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The operating system continues its march out of the data center and onto the desktop
Esther Shein, CFO.com | US
July 24, 2006
The Oregon Department of Human Services was in a bind. Charged with administering the state’s Medicaid assistance program, the department needed a way to more efficiently manage information coming in from tens of thousands of providers. It needed something it could deploy quickly. And cheaply.
So it turned to the world of “open source” software, in this case a CRM (customer relationship management) system from SugarCRM Inc. While many companies have explored—or at least dabbled with—open source software for operating systems (Linux is the best-known example) fewer are aware that the basic concept behind open source—complete access to the underlying source code so that the program can be modified by virtually anyone and distributed at relatively low cost—also extends to software applications.
Much open-source software is free and widely available on the Internet. Other forms are sold by software companies that essentially charge a convenience fee (as opposed to a license fee) for providing the software and supporting utilities and documentation in a packaged, ready-to-use form. Depending on your point of view, customers are free to modify the source code or obligated to, depending on their needs.
In the case of the Oregon DHS, the goal was to move beyond a spreadsheet-based system that was "isolated to a user’s desktop with no common form or function, and done ad hoc," says Dennis Wells, policy and planning manager for the department’s Office of Information Services.
Following a thorough review that examined everything from security and privacy to technological compatibility with existing systems to how its capabilities stacked up to those of other products, the department decided that SugarCRM looked like a contender. Once it made its decision, it was able to download the application and supporting documentation within an hour. The tab? About $20,000 for a dedicated hardware/software system, plus $239 per user per year.
One knock against open-source software has been that the freedom to customize and tinker is a nice way of saying that you’re on your own and vulnerable to everything from hard-to-repair crashes to flagrant hackerism. But Martin Schneider, senior analyst of enterprise software at 451 Group in New York, says that open-source companies provide support that rivals that of traditional software firms. What’s more, he says, companies don’t necessarily need ace programmers to leverage the software because "90 percent of the people who use [open-source applications] don’t look at the code because the product is good enough to use as it is."
John Roberts, chief executive officer of Cupertino, Calif.-based SugarCRM, says there is an “incredible amount of waste in the propriety business model,” with a huge percentage of revenue being spent on sales and marketing. “CFOs look at that and say, ‘I’m ordering a steak that’s 70 percent fat Â what am I really getting for my dollar? Is it going towards engineering an incredible product?’’’ says Roberts. SugarCRM has about 700 customers.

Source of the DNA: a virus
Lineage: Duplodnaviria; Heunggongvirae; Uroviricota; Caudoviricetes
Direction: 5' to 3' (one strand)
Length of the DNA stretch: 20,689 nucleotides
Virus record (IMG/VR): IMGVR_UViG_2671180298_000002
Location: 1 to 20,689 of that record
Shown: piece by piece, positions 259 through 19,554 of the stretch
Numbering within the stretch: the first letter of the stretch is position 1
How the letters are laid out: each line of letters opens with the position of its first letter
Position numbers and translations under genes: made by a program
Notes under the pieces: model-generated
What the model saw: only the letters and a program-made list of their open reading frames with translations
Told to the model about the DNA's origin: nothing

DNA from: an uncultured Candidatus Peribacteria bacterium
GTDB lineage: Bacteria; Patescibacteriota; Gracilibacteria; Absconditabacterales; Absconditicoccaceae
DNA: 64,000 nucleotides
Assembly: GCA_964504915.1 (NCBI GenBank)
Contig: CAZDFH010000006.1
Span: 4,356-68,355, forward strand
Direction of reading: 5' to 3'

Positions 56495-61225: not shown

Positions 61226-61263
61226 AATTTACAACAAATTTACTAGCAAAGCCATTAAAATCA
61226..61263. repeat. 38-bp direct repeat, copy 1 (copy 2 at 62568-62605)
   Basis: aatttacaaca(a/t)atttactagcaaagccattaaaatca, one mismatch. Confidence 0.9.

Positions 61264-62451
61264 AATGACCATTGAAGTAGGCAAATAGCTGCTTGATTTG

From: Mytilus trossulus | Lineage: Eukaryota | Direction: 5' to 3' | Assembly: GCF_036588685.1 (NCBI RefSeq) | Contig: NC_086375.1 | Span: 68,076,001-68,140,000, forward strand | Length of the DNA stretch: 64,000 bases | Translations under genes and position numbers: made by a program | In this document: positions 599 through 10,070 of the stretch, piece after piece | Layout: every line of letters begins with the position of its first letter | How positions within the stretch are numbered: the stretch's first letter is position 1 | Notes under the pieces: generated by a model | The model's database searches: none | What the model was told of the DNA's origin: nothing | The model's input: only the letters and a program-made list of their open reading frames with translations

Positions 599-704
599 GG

An open-source development model, Roberts says, takes advantage of “the combined ideas of really, really smart people from around the world, and that tends to generate really innovative software.” He says it also improves quality because a broad community of users and engineers will find more bugs more quickly than the typical quality-assurance programs practices by traditional software vendors.
Nonetheless, experts say that traditional vendors do have the upper hand in several respects. For one, says Forrester Research analyst Liz Hebert, enterprise CRM providers like Oracle/Siebel and SAP offer much richer functionality and scalability than current open-source products. A company opting for the open-source alternative may need to buy or develop a range of add-ons to address functions such as document merge, E-mail tracking, or to meet the needs of mobile users. And the need to integrate with other systems can also pose an obstacle to open-source applications.
Today, open source deployments are typically in the 30-user to 50-user range, and a large company contemplating a broader roll-out would do well, Hebert says, to begin with controlled tests at the departmental or division level." That's how the Oregon Department of Human Services started out. Having received positive feedback on the initial usage, Wells’s group is pushing the Department of Human Services to consider SugarCRM for needs beyond the current Medicaid project.
Schneider predicts that companies will soon have an open-source option for nearly every form of IT system they use, and despite certain hurdles “open source is stable and just as good as any proprietary application, and there’s no reason not to look at it and bring it into your business.” SugarCRM competes with Compiere and vTiger, among others.